The Tonga underwater volcano that produced a spectacular eruption in January remains astonishingly intact.
A New Zealand-led team has just finished mapping the flanks of the seamount, which many people thought might have been torn apart in the ferocity of the event.
But structurally, Hunga-Tonga Hunga-Ha’apai hasn’t changed that much.
The Tonga eruption produced the biggest atmospheric explosion recorded on Earth in more than a century.
It generated tsunamis across the Pacific and in other ocean basins around the world. It even lifted the clouds over the UK, 16,500km away. Mercifully, only a handful of people lost their lives in the kingdom of Tonga.
New Zealand’s National Institute for Water and Atmospheric (NIWA) Research has now managed to get close with a ship to map the post-eruption shape of Hunga-Tonga Hunga-Ha’apai (HTHH) and of the surrounding seafloor.
Although there’s clearly been a lot of ash deposition and sediment movement, the volcano continues to stand tall.
The expedition leader, NIWA marine geologist Kevin Mackay, said he was taken aback by what he’d seen in the Vessel Research (RV) Tangaroa’s sonar data.
“Given the violence of the eruption on January 15, I’d expected the edifice to either have collapsed or been blown apart, and this is not the case,” he explained.
“While the volcano appeared intact, the seafloor showed some dramatic effects of the eruption. There is fine sandy mud and deep ash ripples as far as 50km away from the volcano, with gouged valleys and huge piles of sediment.”
From its 22,000-sq-km survey, the Tangaroa team calculates that about 6 to 7 cubic km of material have been added to the seafloor.
This is ash and rock that was initially ejected by the volcano into the air but which then fell back down into the water and descended the flanks of the submarine mountain to run out over the ocean bottom.
These density, or pyroclastic, flows were the major factor in generating the tsunami waves that inundated local islands, Mr Mackay told BBC News.
The 1.8km-high HTHH was last surveyed in 2016. Combining the previous data with Tangaroa’s new information has allowed scientists to make a “difference map”.
The deposition of all the new material is marked in red (see top image). Blue indicates where material has been lost. This is mostly from around the neck of the volcano. The researchers say 2 to 3 cubic km has come away from the upper portions of HTHH.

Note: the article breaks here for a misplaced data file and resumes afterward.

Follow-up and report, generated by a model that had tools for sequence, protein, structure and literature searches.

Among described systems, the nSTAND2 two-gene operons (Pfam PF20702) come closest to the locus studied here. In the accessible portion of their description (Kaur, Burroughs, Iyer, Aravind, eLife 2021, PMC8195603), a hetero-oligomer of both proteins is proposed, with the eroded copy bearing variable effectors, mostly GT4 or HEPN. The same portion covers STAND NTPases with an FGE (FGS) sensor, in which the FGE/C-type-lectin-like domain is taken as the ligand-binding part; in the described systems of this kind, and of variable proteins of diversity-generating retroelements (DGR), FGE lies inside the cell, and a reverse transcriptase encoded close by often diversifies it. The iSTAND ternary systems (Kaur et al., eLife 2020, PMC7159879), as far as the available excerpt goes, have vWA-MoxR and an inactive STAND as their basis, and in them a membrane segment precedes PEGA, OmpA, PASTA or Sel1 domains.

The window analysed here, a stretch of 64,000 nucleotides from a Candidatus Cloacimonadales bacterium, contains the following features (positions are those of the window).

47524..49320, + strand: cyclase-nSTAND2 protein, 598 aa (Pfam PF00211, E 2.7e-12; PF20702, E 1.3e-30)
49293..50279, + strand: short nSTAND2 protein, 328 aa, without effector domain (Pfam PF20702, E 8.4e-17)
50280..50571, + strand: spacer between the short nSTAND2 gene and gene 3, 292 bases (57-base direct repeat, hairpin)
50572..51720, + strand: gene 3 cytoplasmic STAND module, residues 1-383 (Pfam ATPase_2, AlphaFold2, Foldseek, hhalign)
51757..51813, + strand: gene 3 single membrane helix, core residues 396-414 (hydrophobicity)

In addition to the sonar survey, the Tangaroa’s crew also studied the local ocean ecosystem.
Unsurprisingly, the flanks of the volcano are now devoid of biology, but the team only had to travel about 15km to find fish and mussels thriving on other seamounts.
“Both of these examples imply a resilience of animal populations in the region,” said NIWA fisheries expert Dr Malcolm Clark. “And this is important because it can give insights into how the eruption can affect the surrounding sealife and what the possible chances of recovery might be.”
The researchers also tested the water column for physical and chemical characteristics, including temperature, nutrients and oxygen concentration. In places, the ash-fall has had a fertilization effect and triggered plankton blooms. But the flip side is that researchers could identify, too, zones where oxygen in the water has become depleted.
The team took thousands of pictures and collected hundreds of samples during the cruise, including 115 sediment cores and 250kg of rock, some of which was newly formed in the eruption.
The RV Tangaroa did not survey directly over Hunga-Tonga’s opening, or caldera.
This will be left to a robot boat developed by the UK company Sea-Kit International. The 12m uncrewed surface vessel, called Maxlimer, is currently in Singapore en route to Tongatapu, the main island in the Tongan archipelago.
Because the boat can be controlled at a distance, it will be permitted to operate for extended periods over the caldera. The caution is warranted because the volcano appears still to be active.
NIWA marine ecologist Dr Sarah Seabrook said this was evident from a persistent ash layer near the volcano at a depth of about 200m.
“Our initial analyzes on the origin of the ash layer suggest that it is not a remnant of the January eruption, but may instead show the volcano is still venting. That is, it is actively releasing volcanic ash, albeit on a far smaller scale,” she explained.
The information from Maxlimer’s multi-beam sonar equipment is expected to be particularly instructive. A naval ship that sailed across the caldera recently found the depth of water over the caldera had increased dramatically.
Pre-eruption there was only 150-200m of seawater. Post-eruption there is now 800m or more of water. HTHH’s magma chamber was hollowed out.
“Maxlimer definitely has the ability to measure that deep,” said Mr Mackay. “And what we’re really hoping is that once we get a really accurate map of the caldera, we can confirm those volumes of material that we’ve already initially indicated.”
The RV Tangaroa’s month-long mapping project was funded by the Nippon Foundation of Japan and organized by NIWA, together with Seabed2030, which is an international effort to properly chart Earth’s ocean floor.